The movie has all of the earmarks of not being the usual coming-of-age film in that each of the eponymous adolescents are afflicted with severe mental illness beyond the usual realms of teen alienation and discontentment, though none of problematic psychological aberrations are dealt with in a manner which is particularly deep nor convincing, especially since the very real disorders find miraculous resolution by the finale without even particularly insightful therapeutic intercession but merely through the slightest demonstration of mutual attraction. This “love conquers all” messaging undercuts the initially unforced sincerity of Perry’s passivity in his documentation of events and surrenders the final act of the film to both a bizarre pseudo-noirish visual hysteria and overt Hollywood melodrama.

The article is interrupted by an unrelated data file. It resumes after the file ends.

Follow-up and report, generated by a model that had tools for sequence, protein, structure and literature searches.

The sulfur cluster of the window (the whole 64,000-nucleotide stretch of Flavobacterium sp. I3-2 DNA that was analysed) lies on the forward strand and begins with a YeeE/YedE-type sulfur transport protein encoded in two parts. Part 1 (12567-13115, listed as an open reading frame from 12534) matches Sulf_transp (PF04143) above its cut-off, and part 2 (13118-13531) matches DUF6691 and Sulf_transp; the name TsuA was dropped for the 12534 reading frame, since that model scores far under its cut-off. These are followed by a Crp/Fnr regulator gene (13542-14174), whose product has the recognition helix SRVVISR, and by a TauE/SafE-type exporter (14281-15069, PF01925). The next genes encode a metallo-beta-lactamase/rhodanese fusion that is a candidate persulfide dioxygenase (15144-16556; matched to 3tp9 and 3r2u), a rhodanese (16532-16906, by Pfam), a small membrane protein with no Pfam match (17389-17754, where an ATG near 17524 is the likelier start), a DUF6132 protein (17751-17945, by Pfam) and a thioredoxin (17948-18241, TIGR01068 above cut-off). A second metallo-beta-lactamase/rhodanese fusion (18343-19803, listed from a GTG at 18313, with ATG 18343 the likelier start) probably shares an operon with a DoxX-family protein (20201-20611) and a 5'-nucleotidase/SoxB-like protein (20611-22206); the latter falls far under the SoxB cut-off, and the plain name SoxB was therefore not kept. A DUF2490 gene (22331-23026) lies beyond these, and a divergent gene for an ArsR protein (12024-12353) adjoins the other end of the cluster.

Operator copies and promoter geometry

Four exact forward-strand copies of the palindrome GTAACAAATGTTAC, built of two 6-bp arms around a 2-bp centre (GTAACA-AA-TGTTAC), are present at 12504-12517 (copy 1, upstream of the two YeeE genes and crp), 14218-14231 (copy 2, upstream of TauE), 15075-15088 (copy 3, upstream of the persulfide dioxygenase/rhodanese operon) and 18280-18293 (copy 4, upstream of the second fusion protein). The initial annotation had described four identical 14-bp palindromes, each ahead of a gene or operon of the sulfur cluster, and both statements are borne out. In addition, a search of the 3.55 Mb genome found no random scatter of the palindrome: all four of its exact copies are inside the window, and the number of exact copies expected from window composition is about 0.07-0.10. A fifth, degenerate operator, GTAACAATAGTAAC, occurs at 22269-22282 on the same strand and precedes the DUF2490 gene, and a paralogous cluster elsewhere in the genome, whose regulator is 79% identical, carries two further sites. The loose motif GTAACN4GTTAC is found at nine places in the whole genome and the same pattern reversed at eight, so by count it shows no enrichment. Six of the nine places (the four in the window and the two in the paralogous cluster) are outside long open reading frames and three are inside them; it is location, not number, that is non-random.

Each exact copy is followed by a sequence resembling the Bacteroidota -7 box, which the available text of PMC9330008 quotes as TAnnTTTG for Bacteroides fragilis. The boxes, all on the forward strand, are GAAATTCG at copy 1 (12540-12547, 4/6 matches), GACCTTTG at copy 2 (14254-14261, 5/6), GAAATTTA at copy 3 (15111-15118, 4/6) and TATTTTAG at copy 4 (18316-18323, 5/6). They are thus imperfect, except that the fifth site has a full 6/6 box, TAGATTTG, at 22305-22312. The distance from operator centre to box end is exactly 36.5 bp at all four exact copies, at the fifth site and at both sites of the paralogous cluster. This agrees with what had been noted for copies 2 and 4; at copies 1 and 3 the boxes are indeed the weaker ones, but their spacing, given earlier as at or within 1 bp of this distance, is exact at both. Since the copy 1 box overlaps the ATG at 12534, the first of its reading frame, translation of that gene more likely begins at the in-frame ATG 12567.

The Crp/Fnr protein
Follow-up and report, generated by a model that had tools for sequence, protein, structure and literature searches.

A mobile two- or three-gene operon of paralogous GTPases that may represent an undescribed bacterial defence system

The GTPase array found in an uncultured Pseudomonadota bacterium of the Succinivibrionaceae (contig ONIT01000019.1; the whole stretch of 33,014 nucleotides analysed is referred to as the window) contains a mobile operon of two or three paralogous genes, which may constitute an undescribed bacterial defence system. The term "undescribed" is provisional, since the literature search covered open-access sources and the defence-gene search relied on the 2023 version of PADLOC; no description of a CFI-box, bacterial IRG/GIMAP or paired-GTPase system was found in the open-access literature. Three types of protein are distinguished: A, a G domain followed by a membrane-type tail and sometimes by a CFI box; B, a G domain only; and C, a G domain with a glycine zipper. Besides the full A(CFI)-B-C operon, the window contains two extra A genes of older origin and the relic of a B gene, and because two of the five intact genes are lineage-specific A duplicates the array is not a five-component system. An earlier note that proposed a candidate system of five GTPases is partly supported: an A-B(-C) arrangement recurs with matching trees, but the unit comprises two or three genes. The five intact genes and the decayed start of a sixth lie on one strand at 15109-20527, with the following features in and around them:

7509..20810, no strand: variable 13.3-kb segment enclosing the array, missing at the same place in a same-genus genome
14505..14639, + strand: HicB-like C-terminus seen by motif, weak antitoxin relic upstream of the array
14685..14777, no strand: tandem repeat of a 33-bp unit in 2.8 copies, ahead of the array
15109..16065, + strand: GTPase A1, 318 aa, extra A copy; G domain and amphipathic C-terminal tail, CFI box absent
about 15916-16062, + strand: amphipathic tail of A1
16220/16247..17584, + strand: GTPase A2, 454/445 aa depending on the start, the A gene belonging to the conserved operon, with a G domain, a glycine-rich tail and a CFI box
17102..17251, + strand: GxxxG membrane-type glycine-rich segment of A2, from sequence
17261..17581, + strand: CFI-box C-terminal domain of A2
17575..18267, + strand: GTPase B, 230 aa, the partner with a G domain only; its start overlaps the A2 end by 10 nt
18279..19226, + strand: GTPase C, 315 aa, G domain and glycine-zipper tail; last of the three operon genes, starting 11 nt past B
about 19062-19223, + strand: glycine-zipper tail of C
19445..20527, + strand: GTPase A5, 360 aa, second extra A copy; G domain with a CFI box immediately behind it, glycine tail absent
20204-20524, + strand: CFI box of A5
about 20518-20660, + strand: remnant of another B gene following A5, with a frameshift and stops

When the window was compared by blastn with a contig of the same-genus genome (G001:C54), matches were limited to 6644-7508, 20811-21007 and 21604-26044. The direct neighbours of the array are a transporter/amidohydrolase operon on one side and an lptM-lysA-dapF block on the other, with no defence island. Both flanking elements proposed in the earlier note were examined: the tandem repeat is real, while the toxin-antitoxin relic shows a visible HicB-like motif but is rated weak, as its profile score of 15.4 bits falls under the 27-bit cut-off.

If Perry’s initial approach to the material grants a dignity to the material with a minimal intrusion of directorial flourishes, there are unfortunate exceptions: a pair of dream sequences which make explicit (and the staging of which resemble scenes more apropos to a fantasy-based vehicle such as “The 5,000 Fingers of Dr. T”) David’s subconscious clockwork fantasies whose delineation would be better served with additional shared dialogue between patient and therapist (the extraordinary scene in Bergman’s “Persona” where Alma recounts a erotic encounter attests to the potential of simple dialogue as the most powerful and direct stimulus to the viewer’s imagination). Since there is an insufficiency of time allotted in the dramatization of the crucial relationship between David and Dr. Swinford (Howard Da Silva)- sessions that would provide a profound definition to David’s condition and progress -these dream sequences become a needless visual redundancy detracting from a more detailed exploration of the greater psychological complexities of his case. (With that observation in mind, the film is generally scant on addressing the exact nature of the any of the case histories of any of David’s fellow students, resulting in confusion on how to react to several instances of the students being shunned or berated by “outsiders”. If they are treated as a threat to the community, is that perception merited?) The credible therapeutic path trod by the film becomes too pat by half.